Academic journal article MELUS

Enclosure and Run: The Fugitive Recyclopedia of Harryette Mullen's Writing

Academic journal article MELUS

Enclosure and Run: The Fugitive Recyclopedia of Harryette Mullen's Writing

Article excerpt

Harryette Mullen has published five books of original poetry--Tree Tall Woman (1981), Trimmings (1991), S*PeRM**K*T (1992), Muse & Drudge (1995), and Sleeping with the Dictionary (2002). Additionally, she has published two books which reissue her earlier works: Blues Baby: Early Poems (2002), which reprints Tree Tall Woman and also includes a previously unpublished collection; and Recyclopedia: Trimmings, S*PeRM**K*T, and Muse & Drudge (2006). Mullen self-consciously inherits and intervenes in what Kathy Lou Schultz calls the "legacy gone missing" of "avant-garde practice by African-American women poets" (n. pag.). Mullen is actively engaged in recovering this legacy through her creative, scholarly, and editorial work. (1) Poised in the dialectic of what I call "enclosure" (identity, history, and the archive, but also, racism, exclusion, and limitation) and "run" (mobility, flight, escape, critique, ongoing poesis, and revision), Mullen's work plies the tensions between these disparate but mutually dependent poles. From the negotiation of this tension, Mullen produces a formal strategy predicated on the communal participation of others and distinctive among innovative poets--the recyclopedia.

Mullen's writing creates texts that remain open to ambiguity, difficulty, and difference. Her writing engages in political and social criticism with particular attention to race, gender, and the discourse of the commodity, while it delights in the pleasures of an infinite linguistic jouissance. Many of the critics who have written about Mullen's work, including Elisabeth A. Frost, Juliana Spahr, Allison Cummings, and Deborah Mix, foreground its complex "mixtery" of disparate sources and influences, illustrating its rich and critical interrogation and reframing of literary history. Importantly, each critic also emphasizes Mullen's attention to communal reading practices and several situate Mullen's work as a negotiation between multiple discourses and influences, including Black Arts, Steinian modernism, and Language writing. Mix locates Mullen's work in Trimmings and S*PeRM**K*T in relation to Gertrude Stein but demonstrates how Mullen's "subversion of convention.., is both more complicated [than Stein's] (in its inclusion of race in the welter of discourses of femininity and sexuality) and more communitarian (in its recognition of the individuals tangled in these linguistic webs" (71). Frost demonstrates Mullen's rare ("among recent avant-garde poets") revamping of the lyric and argues that Mullen "constructs lyric otherwise--as an experiment in collective reading and an assertion of the complexities of community, language, and poetic voice" (466). While Spahr asserts that "what has interested me about Mullen's work has been her attention to reading, an attention that is rooted in the intersection between language writing's pursuit of wild reading and autonomy- and identity-centered poetry's concerns with community building and alliance" (115), Cummings points out that "Mullen's work then has garnered critical adulation not only because it works to synthesize disparate traditions, but because it reflects on that synthesis explicitly" (24).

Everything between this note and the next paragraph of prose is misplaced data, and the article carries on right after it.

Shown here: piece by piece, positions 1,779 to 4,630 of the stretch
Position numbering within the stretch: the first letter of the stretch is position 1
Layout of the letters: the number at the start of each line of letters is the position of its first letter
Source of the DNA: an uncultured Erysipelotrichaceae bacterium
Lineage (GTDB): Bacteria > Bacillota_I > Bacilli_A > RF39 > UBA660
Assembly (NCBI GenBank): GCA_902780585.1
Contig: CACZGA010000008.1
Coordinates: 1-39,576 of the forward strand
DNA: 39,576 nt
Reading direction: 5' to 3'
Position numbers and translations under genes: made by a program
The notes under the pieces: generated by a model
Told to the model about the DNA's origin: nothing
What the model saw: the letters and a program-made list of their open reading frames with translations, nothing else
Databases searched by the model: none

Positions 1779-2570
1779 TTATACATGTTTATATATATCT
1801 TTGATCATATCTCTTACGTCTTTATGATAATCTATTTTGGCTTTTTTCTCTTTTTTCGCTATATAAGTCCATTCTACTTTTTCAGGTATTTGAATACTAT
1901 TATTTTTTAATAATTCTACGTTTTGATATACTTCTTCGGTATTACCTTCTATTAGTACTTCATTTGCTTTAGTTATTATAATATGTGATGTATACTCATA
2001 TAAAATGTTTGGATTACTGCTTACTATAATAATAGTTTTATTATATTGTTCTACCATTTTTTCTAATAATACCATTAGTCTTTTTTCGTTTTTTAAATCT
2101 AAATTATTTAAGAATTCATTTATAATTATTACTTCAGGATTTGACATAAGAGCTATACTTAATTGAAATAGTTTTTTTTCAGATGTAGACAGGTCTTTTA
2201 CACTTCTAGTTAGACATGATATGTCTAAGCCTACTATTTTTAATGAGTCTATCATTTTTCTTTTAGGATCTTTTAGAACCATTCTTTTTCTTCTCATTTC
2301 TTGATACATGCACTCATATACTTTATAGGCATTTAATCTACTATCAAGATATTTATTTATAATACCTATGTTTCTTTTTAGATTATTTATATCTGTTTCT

Surveying Mullen's body of work as a whole and elaborating on Cummings's assertion that Mullen self-consciously reflects her work's synthesis of multiple discourses, I contend in addition that Mullen's writing is characterized by a productive tension between "enclosure" and "run," between an archive of cultural, linguistic, and historical references, images, and information and the fugitivity that is both a thematics and a formal strategy. Her archive manifests in the form of the palimpsest, or, to use a figure that Mullen herself foregrounds, her archive is a recyclopedia. She takes debased, erased, and forgotten histories and found discourses and runs with and recycles them; she invites the reader to participate in this educative process of conservation and production, enclosure and fugitive run. …

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